crept up by the side of the person next to me; and as the bed would only suit one, he really lay on the margin of his and mine. Thus discomposed, my resolution was immediately taken not to sleep at all. There was, however, no need of this proud resolution, for that night there was to be no sleep for me. There were still other parties to come, and beds to be provided. After this there was the singing renewed, and still renewed, till youth and enthusiasm were faint and weary, and then it died away. Still there remained the barking of the watch dogs, the sawing of the kat-e-dids and locusts, and the snoring of my more favored companions, and these were incessant. Sometimes I found diversion in listening to them, as they mingled in the ear, and in deciding which was most musical, most melancholy; and frequently I turned away in weariness, and fixed my eye on the open crevices of the hut, looking for the first approach of day; and, in my impatience, as often mistaking for it the gleaming lights of the pine fires.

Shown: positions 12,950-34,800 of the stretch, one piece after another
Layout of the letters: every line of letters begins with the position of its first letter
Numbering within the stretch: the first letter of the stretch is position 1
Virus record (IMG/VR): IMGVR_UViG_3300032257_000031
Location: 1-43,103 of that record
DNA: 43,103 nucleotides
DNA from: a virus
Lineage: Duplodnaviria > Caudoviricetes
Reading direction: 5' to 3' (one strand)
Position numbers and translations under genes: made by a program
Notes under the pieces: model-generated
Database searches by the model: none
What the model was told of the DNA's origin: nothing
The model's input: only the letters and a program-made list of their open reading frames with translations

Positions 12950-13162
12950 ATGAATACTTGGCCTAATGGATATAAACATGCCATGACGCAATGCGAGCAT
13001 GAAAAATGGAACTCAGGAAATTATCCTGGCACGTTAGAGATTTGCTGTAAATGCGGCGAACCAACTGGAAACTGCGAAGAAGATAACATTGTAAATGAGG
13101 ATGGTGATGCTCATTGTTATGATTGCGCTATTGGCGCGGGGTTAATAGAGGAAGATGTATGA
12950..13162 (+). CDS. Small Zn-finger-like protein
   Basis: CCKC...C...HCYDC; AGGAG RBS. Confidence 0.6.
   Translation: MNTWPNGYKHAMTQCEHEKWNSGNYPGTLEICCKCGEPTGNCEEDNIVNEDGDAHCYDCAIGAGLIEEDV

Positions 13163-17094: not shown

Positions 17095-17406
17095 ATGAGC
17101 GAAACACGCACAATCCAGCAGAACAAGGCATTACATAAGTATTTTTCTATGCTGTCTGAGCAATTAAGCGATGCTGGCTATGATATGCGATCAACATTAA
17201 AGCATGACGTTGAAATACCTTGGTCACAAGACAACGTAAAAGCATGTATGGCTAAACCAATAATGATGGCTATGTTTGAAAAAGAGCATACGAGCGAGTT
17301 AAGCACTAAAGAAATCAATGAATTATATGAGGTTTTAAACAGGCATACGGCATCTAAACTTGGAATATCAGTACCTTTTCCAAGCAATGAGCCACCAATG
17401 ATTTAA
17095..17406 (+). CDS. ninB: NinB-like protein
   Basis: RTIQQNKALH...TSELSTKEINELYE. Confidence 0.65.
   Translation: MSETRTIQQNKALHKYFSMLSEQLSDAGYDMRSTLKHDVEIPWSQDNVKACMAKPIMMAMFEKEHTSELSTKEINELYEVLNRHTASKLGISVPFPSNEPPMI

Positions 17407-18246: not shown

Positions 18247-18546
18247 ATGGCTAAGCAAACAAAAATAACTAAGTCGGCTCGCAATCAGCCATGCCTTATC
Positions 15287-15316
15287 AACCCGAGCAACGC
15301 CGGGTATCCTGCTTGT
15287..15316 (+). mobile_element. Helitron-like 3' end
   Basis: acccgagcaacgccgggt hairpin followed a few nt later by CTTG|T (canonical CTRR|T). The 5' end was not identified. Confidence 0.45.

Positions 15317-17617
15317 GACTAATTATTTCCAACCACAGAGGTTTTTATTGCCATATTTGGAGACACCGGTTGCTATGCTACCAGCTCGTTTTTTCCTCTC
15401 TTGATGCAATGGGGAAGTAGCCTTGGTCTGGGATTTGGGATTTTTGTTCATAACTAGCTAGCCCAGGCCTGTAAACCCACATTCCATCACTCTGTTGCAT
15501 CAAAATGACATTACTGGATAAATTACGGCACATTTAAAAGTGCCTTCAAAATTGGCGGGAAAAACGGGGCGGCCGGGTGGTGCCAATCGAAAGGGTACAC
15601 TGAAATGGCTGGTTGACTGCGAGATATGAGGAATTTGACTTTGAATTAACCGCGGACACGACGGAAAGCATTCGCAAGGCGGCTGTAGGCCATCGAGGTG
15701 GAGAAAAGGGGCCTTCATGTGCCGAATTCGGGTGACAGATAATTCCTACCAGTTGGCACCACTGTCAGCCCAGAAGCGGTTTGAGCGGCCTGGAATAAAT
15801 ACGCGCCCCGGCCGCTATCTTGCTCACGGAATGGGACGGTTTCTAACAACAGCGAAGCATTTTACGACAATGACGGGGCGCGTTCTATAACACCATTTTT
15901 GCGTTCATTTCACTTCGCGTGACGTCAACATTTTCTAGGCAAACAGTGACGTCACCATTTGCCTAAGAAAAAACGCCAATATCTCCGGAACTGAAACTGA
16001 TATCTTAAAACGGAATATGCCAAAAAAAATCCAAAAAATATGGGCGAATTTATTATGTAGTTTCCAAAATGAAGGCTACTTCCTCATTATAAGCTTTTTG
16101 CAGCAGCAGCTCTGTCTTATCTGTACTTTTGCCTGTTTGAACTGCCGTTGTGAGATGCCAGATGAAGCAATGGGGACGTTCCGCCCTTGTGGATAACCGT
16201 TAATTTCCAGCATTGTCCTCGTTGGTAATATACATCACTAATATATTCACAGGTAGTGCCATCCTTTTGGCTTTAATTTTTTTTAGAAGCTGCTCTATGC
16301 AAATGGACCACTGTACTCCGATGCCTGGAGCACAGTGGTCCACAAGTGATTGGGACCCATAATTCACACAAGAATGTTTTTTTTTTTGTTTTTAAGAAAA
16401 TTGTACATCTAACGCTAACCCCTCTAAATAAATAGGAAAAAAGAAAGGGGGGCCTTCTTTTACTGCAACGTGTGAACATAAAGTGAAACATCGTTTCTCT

"When the sun actually rose, the horn blew for prayers. To me, all restless as I had been, it was a joyful sound. I waited till others had dressed, that I might do so with greater quiet. I stole away into the forest, and was much refreshed by the morning breeze and fresh air. It was a very pleasing and unexpected sight to observe, as you wandered in supposed solitariness, here and there an individual half concealed, with raised countenance and hands, worshipping the God of heaven, and occasionally two or three assembled for the same purpose, and agreeing to ask the same blessings from the same Father. This was, indeed, to people the forest with sacred things and associations.